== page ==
Data from: Landscape genetics of leaf-toed geckos in the tropical dry forest of northern Mexico
Blair, Christopher, University of Toronto, Royal Ontario Museum
Jiménez Arcos, Victor H., National Autonomous University of Mexico
Mendez de la Cruz, Fausto R., National Autonomous University of Mexico
Murphy, Robert W., University of Toronto, Royal Ontario Museum, Kunming Institute of Zoology
Published May 16, 2013 on Dryad.
Cite this dataset
Blair, Christopher; Jiménez Arcos, Victor H.; Mendez de la Cruz, Fausto R.; Murphy, Robert W. (2013). Data from: Landscape genetics of leaf-toed geckos in the tropical dry forest of northern Mexico [Dataset]. Dryad. https://doi.org/10.5061/dryad.tj1k5
Habitat fragmentation due to both natural and anthropogenic forces continues to threaten the evolution and maintenance of biological diversity. This is of particular concern in tropical regions that are experiencing elevated rates of habitat loss. Although less well-studied than tropical rain forests, tropical dry forests (TDF) contain an enormous diversity of species and continue to be threatened by anthropogenic activities including grazing and agriculture. However, little is known about the processes that shape genetic connectivity in species inhabiting TDF ecosystems. We adopt a landscape genetic approach to understanding functional connectivity for leaf-toed geckos (Phyllodactylus tuberculosus) at multiple sites near the northernmost limit of this ecosystem at Alamos, Sonora, Mexico. Traditional analyses of population genetics are combined with multivariate GIS-based landscape analyses to test hypotheses on the potential drivers of spatial genetic variation. Moderate levels of within-population diversity and substantial levels of population differentiation are revealed by FST and Dest. Analyses using STRUCTURE suggest the occurrence of from 2 to 9 genetic clusters depending on the model used. Landscape genetic analysis suggests that forest cover, stream connectivity, undisturbed habitat, slope, and minimum temperature of the coldest period explain more genetic variation than do simple Euclidean distances. Additional landscape genetic studies throughout TDF habitat are required to understand species-specific responses to landscape and climate change and to identify common drivers. We urge researchers interested in using multivariate distance methods to test for, and report, significant correlations among predictor matrices that can impact results, particularly when adopting least-cost path approaches. Further investigation into the use of information theoretic approaches for model selection is also warranted.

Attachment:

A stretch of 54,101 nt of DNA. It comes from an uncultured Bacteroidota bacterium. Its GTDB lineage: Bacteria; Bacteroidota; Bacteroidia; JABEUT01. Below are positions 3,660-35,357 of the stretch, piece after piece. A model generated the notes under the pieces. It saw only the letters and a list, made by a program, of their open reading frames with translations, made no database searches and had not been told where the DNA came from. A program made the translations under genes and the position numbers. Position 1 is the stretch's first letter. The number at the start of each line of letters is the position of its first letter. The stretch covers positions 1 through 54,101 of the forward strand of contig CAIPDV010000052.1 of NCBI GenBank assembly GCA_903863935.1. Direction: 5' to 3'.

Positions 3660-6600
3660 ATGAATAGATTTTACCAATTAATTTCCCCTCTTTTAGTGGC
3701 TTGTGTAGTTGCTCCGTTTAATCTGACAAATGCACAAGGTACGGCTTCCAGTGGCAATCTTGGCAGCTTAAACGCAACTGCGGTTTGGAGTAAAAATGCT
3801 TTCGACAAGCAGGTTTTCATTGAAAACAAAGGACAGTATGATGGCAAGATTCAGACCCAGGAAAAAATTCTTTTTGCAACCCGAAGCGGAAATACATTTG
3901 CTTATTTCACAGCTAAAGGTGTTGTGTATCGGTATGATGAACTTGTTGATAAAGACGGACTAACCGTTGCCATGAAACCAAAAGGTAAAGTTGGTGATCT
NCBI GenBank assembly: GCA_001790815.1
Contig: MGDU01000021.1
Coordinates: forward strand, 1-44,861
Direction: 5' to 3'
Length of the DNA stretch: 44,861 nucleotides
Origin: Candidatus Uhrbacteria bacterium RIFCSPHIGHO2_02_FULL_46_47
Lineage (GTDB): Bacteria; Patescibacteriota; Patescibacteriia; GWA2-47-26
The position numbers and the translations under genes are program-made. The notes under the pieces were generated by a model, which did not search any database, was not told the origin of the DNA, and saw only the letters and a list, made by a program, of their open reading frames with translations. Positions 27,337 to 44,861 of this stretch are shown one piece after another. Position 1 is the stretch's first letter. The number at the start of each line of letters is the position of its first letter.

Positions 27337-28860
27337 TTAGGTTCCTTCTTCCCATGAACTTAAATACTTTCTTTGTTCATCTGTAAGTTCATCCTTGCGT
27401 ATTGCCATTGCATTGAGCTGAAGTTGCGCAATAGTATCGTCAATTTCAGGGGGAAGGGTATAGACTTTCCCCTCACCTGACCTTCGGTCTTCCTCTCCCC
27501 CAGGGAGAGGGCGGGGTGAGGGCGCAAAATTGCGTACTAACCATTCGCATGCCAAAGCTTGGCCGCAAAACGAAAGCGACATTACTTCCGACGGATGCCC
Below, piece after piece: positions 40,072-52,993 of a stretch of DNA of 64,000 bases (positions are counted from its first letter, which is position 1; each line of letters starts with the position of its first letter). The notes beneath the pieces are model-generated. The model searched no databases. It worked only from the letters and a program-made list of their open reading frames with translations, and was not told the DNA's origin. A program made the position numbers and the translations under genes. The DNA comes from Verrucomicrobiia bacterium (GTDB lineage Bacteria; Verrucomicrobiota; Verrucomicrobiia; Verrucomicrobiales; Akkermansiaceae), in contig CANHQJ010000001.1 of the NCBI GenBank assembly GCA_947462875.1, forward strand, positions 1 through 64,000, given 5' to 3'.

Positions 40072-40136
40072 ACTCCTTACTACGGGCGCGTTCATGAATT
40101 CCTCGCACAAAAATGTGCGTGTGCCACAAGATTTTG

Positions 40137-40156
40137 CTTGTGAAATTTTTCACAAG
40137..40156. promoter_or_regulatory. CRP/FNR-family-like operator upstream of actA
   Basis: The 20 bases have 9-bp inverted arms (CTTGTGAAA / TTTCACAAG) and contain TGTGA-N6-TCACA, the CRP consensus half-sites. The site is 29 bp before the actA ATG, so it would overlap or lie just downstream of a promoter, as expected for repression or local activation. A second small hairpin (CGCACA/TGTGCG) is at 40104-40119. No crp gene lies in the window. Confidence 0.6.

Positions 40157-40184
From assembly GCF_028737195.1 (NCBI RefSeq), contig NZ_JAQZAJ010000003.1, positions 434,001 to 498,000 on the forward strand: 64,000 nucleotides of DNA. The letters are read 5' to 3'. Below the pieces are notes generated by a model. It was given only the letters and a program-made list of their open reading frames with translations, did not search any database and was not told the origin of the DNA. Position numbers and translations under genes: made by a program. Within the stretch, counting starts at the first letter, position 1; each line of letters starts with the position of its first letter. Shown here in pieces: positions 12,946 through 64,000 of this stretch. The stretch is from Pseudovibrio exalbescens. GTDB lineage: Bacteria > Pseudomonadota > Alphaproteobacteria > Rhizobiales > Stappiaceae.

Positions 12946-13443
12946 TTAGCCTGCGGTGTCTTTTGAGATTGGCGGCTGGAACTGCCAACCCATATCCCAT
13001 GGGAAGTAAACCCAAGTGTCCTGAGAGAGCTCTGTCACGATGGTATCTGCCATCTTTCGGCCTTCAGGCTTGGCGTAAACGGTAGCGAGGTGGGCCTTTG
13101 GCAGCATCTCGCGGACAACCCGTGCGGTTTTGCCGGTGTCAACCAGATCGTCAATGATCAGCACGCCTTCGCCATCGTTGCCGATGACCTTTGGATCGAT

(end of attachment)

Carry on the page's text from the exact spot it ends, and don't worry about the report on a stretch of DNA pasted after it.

Data for Dryad
Excel spreadsheet of all genotypes for 12 microsatellite loci (in fragment sizes)for Phyllodactylus tuberculosus. Loci were obtained both by molecular cloning and by 454 sequencing.